U of I Researcher Evan Eskew

Publishes in Nature Communications

May 16, 2024

University of Idaho researcher Evan Eskew (Idaho Initiative for Computational One Health) recently published in Nature Communications. Fellow U of I researchers Scott Nuismer (Biological Sciences) and Andrew Basinski (formerly with the Institute of Interdisciplinary Data Sciences) co-authored "Reservoir displacement by an invasive rodent reduces Lassa virus zoonotic spillover risk". This publication developed from a series of research projects on Lassa virus at University of Idaho involving Scott Nuismer and numerous other experts, including Elisabeth Fichet-Calvet at the Bernhard Nocht Institute for Tropical Medicine and researchers with the One Health Institute at the University of California, Davis. This work was supported by the National Institutes of Health through grant number R01GM122079 (S.L.N.), the National Science Foundation’s Division of Environmental Biology through grant number 2028162 (S.L.N.), the Defense Advanced Research Projects Agency through grant number D18AC00028 (B.H.B., S.L.N.), and the European Union through INCO-DEV grant number ICA4-CT2002-10050 (E.F.-C.).

Lassa fever is a deadly, rodent-borne hemorrhagic disease which is a major health threat in West Africa. Prior research from Scott Nuismer suggests that nearly one million individuals are infected annually. Despite these infection numbers, Lassa virus has been largely neglected by researchers. Like Ebola, H1N1, SARS and COVID-19, Lassa fever outbreaks are the result of zoonotic spillover infections. In the case of Lassa, these spillover infections come from a rodent reservoir host, the Natal multimammate mouse (Mastomys natalensis). Understanding local rodent ecology is the key to reducing the risk of Lassa virus spillover infections and improving public health.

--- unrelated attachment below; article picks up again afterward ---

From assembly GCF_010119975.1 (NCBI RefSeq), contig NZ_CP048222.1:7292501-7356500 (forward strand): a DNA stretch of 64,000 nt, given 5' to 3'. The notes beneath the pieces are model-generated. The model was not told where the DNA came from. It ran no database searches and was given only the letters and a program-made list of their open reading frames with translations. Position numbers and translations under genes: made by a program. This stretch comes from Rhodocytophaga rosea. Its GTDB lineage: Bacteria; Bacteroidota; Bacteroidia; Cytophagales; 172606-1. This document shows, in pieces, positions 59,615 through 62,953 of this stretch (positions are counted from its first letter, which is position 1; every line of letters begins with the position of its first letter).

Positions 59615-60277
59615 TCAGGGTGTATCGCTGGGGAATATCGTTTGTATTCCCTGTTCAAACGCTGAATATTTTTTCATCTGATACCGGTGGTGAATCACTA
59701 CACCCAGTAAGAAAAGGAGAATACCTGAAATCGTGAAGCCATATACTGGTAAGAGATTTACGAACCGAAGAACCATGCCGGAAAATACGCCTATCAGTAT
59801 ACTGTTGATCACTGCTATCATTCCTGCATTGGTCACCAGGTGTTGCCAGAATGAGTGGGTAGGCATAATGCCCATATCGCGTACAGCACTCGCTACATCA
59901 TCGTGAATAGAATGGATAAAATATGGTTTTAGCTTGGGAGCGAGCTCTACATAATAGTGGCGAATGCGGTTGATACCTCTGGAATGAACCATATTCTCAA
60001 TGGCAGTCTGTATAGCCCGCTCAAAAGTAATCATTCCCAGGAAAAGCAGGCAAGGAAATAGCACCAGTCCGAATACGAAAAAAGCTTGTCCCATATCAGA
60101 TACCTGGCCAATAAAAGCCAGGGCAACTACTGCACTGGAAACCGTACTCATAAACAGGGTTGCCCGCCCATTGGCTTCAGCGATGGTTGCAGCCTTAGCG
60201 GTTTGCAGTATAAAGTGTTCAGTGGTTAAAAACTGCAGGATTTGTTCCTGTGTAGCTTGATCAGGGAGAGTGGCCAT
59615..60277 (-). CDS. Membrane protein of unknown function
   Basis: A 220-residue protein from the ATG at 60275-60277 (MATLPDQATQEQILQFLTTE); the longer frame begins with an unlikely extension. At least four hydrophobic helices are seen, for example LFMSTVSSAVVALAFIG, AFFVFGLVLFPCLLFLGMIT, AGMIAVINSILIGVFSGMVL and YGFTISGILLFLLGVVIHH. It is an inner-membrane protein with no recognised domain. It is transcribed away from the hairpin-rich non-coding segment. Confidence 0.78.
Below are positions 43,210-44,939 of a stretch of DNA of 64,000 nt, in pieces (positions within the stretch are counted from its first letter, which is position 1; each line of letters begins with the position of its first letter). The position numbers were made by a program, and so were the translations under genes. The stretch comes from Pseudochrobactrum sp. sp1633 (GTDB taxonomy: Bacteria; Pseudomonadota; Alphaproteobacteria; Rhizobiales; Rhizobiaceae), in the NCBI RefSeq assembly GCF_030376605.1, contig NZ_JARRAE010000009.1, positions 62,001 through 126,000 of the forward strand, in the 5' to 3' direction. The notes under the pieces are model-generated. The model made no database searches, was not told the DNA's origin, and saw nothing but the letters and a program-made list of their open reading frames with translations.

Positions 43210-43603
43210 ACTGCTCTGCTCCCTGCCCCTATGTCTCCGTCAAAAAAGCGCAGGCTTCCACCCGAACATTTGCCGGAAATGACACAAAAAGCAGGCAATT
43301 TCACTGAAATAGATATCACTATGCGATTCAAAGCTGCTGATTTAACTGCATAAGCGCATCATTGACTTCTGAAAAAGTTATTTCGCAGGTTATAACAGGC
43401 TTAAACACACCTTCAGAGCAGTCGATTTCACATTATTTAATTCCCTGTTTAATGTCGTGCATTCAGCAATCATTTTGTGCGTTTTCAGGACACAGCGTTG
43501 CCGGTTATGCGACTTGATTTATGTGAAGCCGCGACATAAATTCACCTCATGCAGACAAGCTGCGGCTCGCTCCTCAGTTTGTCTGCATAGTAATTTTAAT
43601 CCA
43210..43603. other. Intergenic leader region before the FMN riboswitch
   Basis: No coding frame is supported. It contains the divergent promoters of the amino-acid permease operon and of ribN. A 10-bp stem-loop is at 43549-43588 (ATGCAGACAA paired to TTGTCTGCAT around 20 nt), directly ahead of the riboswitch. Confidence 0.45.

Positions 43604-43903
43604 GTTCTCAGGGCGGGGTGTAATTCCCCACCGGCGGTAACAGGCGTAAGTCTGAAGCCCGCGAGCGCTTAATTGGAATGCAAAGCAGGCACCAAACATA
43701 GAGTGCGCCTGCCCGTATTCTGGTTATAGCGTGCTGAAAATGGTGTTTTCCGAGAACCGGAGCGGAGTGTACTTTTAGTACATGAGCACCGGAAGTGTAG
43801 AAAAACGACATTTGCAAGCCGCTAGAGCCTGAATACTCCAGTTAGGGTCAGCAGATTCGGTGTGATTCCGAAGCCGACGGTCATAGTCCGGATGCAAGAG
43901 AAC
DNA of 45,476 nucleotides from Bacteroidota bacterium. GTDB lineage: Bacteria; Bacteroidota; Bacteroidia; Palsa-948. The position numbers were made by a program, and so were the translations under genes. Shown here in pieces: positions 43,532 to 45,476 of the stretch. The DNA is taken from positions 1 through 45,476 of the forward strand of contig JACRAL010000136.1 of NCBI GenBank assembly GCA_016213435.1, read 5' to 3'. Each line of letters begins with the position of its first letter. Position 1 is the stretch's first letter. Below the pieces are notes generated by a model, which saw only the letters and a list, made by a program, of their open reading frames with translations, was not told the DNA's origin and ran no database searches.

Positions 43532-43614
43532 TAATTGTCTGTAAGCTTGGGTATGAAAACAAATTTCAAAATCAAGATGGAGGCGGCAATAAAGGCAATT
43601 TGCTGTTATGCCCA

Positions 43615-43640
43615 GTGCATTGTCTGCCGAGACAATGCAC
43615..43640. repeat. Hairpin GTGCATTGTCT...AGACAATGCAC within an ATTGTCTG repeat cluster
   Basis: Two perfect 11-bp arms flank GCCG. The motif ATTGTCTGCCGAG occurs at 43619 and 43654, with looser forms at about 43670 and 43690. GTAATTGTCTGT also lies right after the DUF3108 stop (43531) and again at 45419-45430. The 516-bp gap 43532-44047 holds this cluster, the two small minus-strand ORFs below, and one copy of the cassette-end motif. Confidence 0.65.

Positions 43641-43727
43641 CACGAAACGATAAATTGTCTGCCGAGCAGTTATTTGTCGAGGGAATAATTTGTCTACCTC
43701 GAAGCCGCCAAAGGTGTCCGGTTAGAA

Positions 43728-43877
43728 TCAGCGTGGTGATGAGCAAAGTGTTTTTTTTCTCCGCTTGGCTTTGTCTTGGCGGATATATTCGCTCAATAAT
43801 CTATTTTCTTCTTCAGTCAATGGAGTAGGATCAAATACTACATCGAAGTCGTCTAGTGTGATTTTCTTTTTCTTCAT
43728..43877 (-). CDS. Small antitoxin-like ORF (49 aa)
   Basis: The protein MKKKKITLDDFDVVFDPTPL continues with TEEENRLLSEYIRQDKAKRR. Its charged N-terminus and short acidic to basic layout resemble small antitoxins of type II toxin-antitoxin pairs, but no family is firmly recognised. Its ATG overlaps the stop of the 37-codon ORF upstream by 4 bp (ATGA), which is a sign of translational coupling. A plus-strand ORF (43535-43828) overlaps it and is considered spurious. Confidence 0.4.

This publication examines the relationship between the Lassa virus reservoir host M. natalensis and a notorious invasive species, the black rat (Rattus rattus). R. rattus was introduced into port cities of the region as early as the 15th century. Today the black rat is continuing to spread to inland West Africa, impacting local rodent populations. Data suggests that R. rattus outcompetes M. natalensis, negatively affecting their population numbers. Further, the movement of R. rattus to inland West Africa appears to be having the unexpected benefit of reducing Lassa virus spillover to humans by reducing M. natalensis densities. While the spread of an invasive species typically has negative ecosystem effects, in this case the invasive black rat is having some positive effect by reducing the risk of human Lassa virus infections.

This counterintuitive result encourages researchers to study Lassa virus, and disease systems generally, with a broad view of the ecological system of interest. It is not only important to study the primary host of a virus, but also the other ecological community members that might influence the occurrence and abundance of the host species.

Evan A. Eskew, Brian H. Bird, Bruno M. Ghersi, James Bangura, Andrew J. Basinski, Emmanuel Amara, Mohamed A. Bah, Marilyn C. Kanu, Osman T. Kanu, Edwin G. Lavalie,, Victor Lungay, Willie Robert, Mohamed A. Vandi, Elisabeth Fichet-Calvet, and Scott L. Nuismer. Reservoir displacement by an invasive rodent reduces Lassa virus zoonotic spillover risk. Nature Communications 15, 3589 (2024). See the full publication here.

by Michelle Reagan Scientific Communications and Design Specialist